labour
Education

compulsory

children

hoeing

Victoria’s


wages

sown

scare

truant

In Queen _ _ _ _ _ _ _ _ _ _ reign _ _ _ _ _ and _ _ _ _ _ _ _ _ worked on farms, especially at busy times. Farmers often used women and children as cheap _ _ _ _ _ _. They were paid very low _ _ _ _ _. Children would often play _ _ _ _ _ _ from school to work on the land. Women and children did _ _ _ _ _ _ _ _ _ _ _ _ tasks, such as _ _ _ _ _ _ and _ _ _ _ _ _ _, binding and _ _ _ _ _ _ _ _. Farmers used children to _ _ _ _ _ birds away from newly _ _ _ _ fields. It was made _ _ _ _ _ _ _ _ _ _ for children to go to school after the passing of the 1870 _ _ _ _ _ _ _ _ _ Act, but this did not stop many of them continuing to work in the _ _ _ _ _ _.

Name …………………………..
Date ……………………………
Study the picture

The girl is wearing

The other things in the picture are


What sort of person do you think this is?


Why do you think this?


Name ……………………………
Date …………………………….
Make a glossary of your keywords on women and children in Victorian farming



KEYWORD



MEANING
























































Name …………………………..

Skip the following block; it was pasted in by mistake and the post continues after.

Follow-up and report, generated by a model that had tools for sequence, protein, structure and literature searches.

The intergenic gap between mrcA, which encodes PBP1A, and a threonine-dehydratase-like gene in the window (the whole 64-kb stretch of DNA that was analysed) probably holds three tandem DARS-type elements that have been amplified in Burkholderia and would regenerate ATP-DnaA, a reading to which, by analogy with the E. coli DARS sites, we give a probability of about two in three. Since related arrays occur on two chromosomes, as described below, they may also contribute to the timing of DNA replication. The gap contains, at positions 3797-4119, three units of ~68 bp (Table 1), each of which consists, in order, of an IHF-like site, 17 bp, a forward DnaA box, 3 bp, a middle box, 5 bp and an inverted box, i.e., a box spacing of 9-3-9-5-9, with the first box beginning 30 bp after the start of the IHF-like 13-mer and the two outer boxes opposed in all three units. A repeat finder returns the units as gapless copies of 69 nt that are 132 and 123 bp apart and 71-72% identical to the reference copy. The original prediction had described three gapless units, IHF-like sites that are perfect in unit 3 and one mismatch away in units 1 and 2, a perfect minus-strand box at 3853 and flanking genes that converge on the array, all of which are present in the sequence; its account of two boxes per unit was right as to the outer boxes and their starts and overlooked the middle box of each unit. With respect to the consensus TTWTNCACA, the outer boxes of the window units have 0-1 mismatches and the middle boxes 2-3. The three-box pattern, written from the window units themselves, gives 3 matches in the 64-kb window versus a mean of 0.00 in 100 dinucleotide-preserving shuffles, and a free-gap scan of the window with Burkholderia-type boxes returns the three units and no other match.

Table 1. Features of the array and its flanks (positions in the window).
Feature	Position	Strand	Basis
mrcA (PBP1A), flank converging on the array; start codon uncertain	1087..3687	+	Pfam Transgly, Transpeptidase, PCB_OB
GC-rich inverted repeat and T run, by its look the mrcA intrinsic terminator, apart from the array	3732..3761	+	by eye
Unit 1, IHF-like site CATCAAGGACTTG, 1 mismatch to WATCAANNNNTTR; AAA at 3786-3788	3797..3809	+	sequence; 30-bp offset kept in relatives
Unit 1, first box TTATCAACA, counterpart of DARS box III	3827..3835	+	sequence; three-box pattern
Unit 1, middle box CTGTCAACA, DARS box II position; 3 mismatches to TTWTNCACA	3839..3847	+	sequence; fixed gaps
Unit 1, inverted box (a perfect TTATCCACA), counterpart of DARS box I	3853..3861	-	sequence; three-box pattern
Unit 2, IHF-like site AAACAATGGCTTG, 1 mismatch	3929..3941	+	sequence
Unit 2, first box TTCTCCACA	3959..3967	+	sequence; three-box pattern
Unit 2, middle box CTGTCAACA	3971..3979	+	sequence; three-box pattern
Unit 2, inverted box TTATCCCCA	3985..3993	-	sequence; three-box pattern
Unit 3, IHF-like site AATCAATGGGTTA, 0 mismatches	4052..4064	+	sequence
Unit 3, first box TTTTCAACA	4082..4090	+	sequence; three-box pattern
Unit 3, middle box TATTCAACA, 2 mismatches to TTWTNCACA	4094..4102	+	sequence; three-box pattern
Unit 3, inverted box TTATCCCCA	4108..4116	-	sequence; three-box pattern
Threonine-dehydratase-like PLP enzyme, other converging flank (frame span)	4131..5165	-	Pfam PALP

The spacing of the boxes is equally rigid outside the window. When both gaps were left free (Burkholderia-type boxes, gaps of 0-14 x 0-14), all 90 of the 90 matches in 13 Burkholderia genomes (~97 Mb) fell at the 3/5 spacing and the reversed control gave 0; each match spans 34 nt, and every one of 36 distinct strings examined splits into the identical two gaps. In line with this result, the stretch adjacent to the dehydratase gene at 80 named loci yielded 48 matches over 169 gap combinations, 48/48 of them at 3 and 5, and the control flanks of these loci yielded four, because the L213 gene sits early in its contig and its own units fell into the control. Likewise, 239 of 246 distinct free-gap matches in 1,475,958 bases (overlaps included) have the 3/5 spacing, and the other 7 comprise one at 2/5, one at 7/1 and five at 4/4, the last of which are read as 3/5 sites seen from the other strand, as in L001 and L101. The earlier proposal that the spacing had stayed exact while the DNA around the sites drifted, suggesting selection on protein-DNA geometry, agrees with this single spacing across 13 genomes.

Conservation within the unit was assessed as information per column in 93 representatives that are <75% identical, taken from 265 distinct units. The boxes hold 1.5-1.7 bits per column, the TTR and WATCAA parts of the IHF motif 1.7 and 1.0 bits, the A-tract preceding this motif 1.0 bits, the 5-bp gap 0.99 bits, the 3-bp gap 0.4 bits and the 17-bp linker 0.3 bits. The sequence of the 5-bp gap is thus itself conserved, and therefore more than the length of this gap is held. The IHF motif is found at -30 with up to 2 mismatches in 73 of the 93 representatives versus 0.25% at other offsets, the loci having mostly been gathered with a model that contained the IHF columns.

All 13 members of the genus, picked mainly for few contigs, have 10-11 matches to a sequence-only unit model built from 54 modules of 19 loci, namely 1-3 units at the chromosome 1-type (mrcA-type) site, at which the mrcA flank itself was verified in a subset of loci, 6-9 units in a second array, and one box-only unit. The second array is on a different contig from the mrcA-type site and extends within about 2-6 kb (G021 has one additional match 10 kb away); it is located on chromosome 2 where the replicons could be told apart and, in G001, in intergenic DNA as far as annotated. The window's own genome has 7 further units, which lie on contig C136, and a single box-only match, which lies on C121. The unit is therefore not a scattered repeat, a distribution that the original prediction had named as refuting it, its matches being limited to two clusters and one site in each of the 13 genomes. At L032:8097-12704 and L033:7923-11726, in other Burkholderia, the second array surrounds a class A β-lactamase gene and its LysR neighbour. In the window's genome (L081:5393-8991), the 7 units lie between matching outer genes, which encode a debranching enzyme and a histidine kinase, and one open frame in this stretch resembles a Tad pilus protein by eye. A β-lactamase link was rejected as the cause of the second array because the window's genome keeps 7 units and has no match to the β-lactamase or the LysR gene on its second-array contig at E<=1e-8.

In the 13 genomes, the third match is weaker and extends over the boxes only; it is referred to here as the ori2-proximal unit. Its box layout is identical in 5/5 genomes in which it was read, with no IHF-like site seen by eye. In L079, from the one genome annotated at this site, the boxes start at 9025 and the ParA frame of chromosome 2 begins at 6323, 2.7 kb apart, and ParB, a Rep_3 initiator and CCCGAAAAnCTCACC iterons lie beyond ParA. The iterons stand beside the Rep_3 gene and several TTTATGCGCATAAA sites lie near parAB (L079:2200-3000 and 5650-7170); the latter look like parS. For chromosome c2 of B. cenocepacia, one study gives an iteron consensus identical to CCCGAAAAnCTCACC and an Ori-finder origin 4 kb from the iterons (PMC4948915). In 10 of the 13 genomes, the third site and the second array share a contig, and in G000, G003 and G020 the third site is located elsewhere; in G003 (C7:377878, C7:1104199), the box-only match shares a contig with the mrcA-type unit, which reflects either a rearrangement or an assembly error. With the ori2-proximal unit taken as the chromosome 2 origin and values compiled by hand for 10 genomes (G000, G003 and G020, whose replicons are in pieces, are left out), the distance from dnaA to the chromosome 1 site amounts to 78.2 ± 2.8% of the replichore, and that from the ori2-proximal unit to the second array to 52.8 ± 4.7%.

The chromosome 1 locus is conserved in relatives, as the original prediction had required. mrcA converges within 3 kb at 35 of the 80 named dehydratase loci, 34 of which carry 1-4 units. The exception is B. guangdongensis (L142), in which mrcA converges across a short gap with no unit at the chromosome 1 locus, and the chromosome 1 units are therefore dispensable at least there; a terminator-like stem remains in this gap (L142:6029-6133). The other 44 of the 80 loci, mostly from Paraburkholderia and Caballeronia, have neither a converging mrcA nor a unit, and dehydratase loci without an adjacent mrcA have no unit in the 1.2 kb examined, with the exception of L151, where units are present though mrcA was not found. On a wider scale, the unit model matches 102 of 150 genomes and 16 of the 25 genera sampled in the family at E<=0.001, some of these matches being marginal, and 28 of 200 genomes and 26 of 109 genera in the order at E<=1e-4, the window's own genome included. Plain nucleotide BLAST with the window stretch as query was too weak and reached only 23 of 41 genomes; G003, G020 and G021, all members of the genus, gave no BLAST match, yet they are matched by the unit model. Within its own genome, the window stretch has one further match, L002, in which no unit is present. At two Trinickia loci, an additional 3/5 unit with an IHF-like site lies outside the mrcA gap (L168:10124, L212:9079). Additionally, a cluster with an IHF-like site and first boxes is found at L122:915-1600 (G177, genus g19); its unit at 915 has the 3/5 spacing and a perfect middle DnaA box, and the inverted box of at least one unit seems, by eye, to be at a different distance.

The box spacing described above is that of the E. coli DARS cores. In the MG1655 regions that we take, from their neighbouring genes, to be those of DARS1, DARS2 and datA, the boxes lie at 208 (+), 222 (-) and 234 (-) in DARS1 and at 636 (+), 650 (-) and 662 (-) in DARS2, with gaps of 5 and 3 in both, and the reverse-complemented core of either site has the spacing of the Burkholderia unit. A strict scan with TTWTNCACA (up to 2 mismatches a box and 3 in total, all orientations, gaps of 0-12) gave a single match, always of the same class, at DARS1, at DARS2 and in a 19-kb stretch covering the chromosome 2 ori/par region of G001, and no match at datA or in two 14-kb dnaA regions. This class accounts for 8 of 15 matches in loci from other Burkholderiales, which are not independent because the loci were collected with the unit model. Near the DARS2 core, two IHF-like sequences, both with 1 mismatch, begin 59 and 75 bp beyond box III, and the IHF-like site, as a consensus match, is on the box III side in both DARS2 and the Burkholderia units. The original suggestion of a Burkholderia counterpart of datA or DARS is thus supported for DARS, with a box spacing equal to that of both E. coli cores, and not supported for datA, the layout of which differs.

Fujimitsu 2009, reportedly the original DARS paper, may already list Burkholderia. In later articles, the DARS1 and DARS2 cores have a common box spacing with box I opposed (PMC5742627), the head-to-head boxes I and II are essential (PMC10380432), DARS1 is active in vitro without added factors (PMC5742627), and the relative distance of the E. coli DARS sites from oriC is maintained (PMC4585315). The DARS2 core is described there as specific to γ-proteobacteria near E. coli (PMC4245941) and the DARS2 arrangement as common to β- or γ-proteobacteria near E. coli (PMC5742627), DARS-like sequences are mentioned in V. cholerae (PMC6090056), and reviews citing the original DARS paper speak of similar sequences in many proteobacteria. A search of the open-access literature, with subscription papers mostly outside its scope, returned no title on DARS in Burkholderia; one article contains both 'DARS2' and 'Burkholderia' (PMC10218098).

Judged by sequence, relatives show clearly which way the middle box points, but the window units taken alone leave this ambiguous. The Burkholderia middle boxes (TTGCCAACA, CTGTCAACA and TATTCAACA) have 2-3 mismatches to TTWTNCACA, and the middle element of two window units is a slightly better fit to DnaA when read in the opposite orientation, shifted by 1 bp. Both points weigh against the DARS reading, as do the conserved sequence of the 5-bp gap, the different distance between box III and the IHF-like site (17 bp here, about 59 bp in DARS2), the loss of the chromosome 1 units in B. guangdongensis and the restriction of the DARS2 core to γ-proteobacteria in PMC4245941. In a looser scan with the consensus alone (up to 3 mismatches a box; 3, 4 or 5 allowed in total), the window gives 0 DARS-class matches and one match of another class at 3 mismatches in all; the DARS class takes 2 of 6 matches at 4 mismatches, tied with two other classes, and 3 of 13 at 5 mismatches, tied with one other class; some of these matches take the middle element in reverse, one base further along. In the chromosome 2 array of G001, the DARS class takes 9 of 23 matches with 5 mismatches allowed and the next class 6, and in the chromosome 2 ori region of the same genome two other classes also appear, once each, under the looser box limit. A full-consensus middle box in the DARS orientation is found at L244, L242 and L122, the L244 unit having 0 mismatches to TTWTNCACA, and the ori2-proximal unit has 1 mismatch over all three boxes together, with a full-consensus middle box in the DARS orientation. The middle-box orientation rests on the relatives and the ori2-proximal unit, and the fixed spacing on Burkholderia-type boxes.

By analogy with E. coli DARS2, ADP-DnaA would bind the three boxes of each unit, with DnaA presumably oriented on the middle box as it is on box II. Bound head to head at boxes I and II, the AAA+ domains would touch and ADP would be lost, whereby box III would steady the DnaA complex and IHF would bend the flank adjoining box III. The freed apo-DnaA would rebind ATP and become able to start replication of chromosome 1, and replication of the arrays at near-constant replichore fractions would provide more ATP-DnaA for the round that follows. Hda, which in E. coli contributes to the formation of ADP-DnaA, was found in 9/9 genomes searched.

Date ……………………………
Women and children in Victorian farming

At the beginning of Queen Victoria’s reign many women and children worked on English farms. They needed to work on the land because men’s wages were so low. Much labour was also needed at busy times of the year. By the end of her reign there were fewer women and children working in agriculture. This was because of:





  1. The invention of



  1. Improvements in



  1. Compulsory

Name …………………………..
Date ……………………………

An interview with a child farmworker



Questions and answers

Name …………………………..


Date ……………………………
Write a letter to a friend describing your work in the fields

Dear
I am working on Mr Jordan’s


I have been
Then I was told to
The work is
The weather has been
Finally,

Yours

Name …………………………..
Date ……………………………
Women and children in Victorian farming: Source 2

Name …………………………..


Date ……………………………
Women and children in Victorian farming: Source 2

Name …………………………..


Date ……………………………
Women and children in Victorian farming: Source 2